Author Archives: Michael Passow

E2C em Diamantina

  O projeto Earth2Class Diamantina objetiva o desenvolvimento de atividades pedagógicas inovadoras com o apoio de professores e alunos do curso de licenciatura em geografia da UFVJM em escolas estaduais e municipais do Vale do Jequitinhonha. Inicialmente, realizamos um trabalho de campo e uma série de visitas técnicas nas escolas selecionadas em Janeiro de 2017 … Continued

“Education Opportunities aboard the JOIDES Resolution and Elsewhere” with Nicole Kurtz

“Education Opportunities aboard the JOIDES Resolution and Elsewhere” with Nicole Kurtz Originally presented 11 Mar 2017 http://joidesresolution.org/ Explore how scientific ocean drilling provides a window into Earth’s past. From sampling the ocean floor, we gain tremendous insights into how the dinosaurs went extinct, what kind of life exists deep beneath the sea, and what the climate was … Continued

“An Environmental History of the Hudson River” with Dallas Abbott

    “An Environmental History of the Hudson River” with  Dallas Abbott Originally presented 11 Feb 2017 Dallas Abbott’s Home Page We are pleased to welcome back Dr. DALLAS ABBOTT, who has presented more E2C Workshops than any other LDEO researcher. Dallas’ recent investigations have included examining sediments collected from the Hudson River that reveal … Continued

“Using the Latest GeoMapApp to Excite Your Classes” with Andrew Goodwillie

“Using the Latest GeoMapApp to Excite Your Classes” with Andrew Goodwillie Originally presented 19 Nov 2016 http://www.geomapapp.org/ “GeoMapApp is a free Earth Science data exploration and visualisation tool developed by the IEDA group at the Lamont-Doherty Earth Observatory of Columbia University. GeoMapApp provides an intuitive map-based user interface to access a wide range of geoscience data. Built-in … Continued

“What Can Dust Reveal about Past Climates?” with Jerry McManus, Gisela Winckler, and Allison Jacobel

“What Can Dust Reveal about Past Climates?” with Jerry McManus, Gisela Winckler, and Allison Jacobel  Originally presented 22 Oct 2016 (Morningside Campus) Support in part by National Science Foundation Award #1502889  (Source: http://www.nature.com/articles/ncomms10449)          Windblown dust plays important roles in influencing and recording climate change. In the atmosphere, dust contributes to the planetary albedo and … Continued

2015-2016 Workshops

Browse archived versions of the 2015 – 2016 Workshops and Related Classroom Resources 19 Sep — Arthur Lerner-Lam (LDEO Deputy Dir.) — Trends in Frontier ES Research 3 Oct — “The Hackensack River Past, Present, and Future” as an Example for Developing Innovative Lessons 14 Nov* — Allison Wing — Developing Better Understanding of Hurricanes 30 … Continued

“Enigmas and Controversy in Science: Examples from Madagascar and Russian Lakes.” with Dallas Abbott (16 Apr 2016)

“Enigmas and Controversy in Science:
Examples from Madagascar and Russian Lakes.”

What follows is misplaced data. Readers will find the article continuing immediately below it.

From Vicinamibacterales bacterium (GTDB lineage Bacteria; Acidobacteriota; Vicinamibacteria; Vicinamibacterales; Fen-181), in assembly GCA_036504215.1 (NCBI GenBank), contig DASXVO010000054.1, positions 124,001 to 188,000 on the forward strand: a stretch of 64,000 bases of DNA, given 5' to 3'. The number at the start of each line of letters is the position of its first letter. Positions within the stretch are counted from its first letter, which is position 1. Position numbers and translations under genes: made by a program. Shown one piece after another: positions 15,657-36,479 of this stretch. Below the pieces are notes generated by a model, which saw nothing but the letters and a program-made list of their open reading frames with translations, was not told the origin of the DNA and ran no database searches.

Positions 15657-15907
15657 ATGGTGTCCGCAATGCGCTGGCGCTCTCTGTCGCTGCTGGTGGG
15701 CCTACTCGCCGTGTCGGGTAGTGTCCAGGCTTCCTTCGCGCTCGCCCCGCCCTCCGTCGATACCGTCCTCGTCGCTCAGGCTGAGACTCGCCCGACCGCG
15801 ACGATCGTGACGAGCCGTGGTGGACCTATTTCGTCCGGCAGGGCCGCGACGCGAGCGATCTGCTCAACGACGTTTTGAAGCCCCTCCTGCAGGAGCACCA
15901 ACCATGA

with Dallas Abbott

  

Originally presented 16 Apr 2016

 

Dallas Abbott has shared her studies of impact craters around the world at E2C Workshops for more than a decade, and we are please to welcome her back for a description of the Summer 2015 field studies of the surface features found in the area of Lake Smerdyachee, Russia. This workshop provides an excellent example of the objectives embodied in the  NGSS “Nature of Science”–Science is a continuous process of discovery. Dallas and colleagues have also gained interesting insights about unusual features on Madagascar. These chevrons may provide clues to gargantuan tsunamis from an asteroid impact 10,000 years ago.

Dallas’ previous E2C program on Lake Smerdyachee: “How Did Those Rocks Get Up There? Exploring Lake Smerdyachee, Russia” (April 2015).

introductory Slide Show: Impact Craters 2016

View Dallas Abbott’s Slide Show about Madagascar and Russian Lakes 2016

[Note: The complete Power Point can be viewed through DropBox at: https://www.dropbox.com/s/a0zwcyyx16rs5mo/Madagascar_Russian_Lakes_E2C_2016.pptx?dl=0]

Media articles about Dallas’s research discoveries:

“The Sky Is Falling” (The Atlantic, June 2008)

“Ancient Crash, Epic Wave” (The New York Times, Nov 14, 2006)

“Scientists Debate Evidence of Ancient Megatsunami” (National Geographic, Dec 22, 2015)

Here is where the “Enigma and Controversy” comes in:

“Giant Dunes, Not Mega-Tsunamis”

 

Resource about another of Dallas’ research projects: “Scientists Debate Evidence of Ancient Megatsunami”

 

“Impact Earth” from Purdue University

 

 

“Impact of CO2 on the Earth’s Environment: Science behind the Paris Climate Accord” with Taro Takahashi (19 Mar 2016)

“Impact of CO2 on the Earth’s Environment: Science behind the Paris Climate Accord”  with Taro Takahashi   Originally presented 19 Mar 2016 Workshop funded in part by NOAA Award Number NA15NOS0080223 through the National Ocean Service   We are honored to welcome back to E2C Dr. Taro Takahashi, the Ewing Lamont Research Professor and one … Continued

“Melting of the Antarctic Ice Sheets” with Frank Nitsche

“Melting of the Antarctic Ice Sheets– Ice and ocean interaction: consequences for sea-level rise” with Frank Nitsche   Originally presented 13 Feb 2016 Abstract: Satellite measurements are showing that the large ice sheets in Greenland and Antarctica are thinning and losing mass. The melting of these ice sheets is increasing sea level globally and endangering … Continued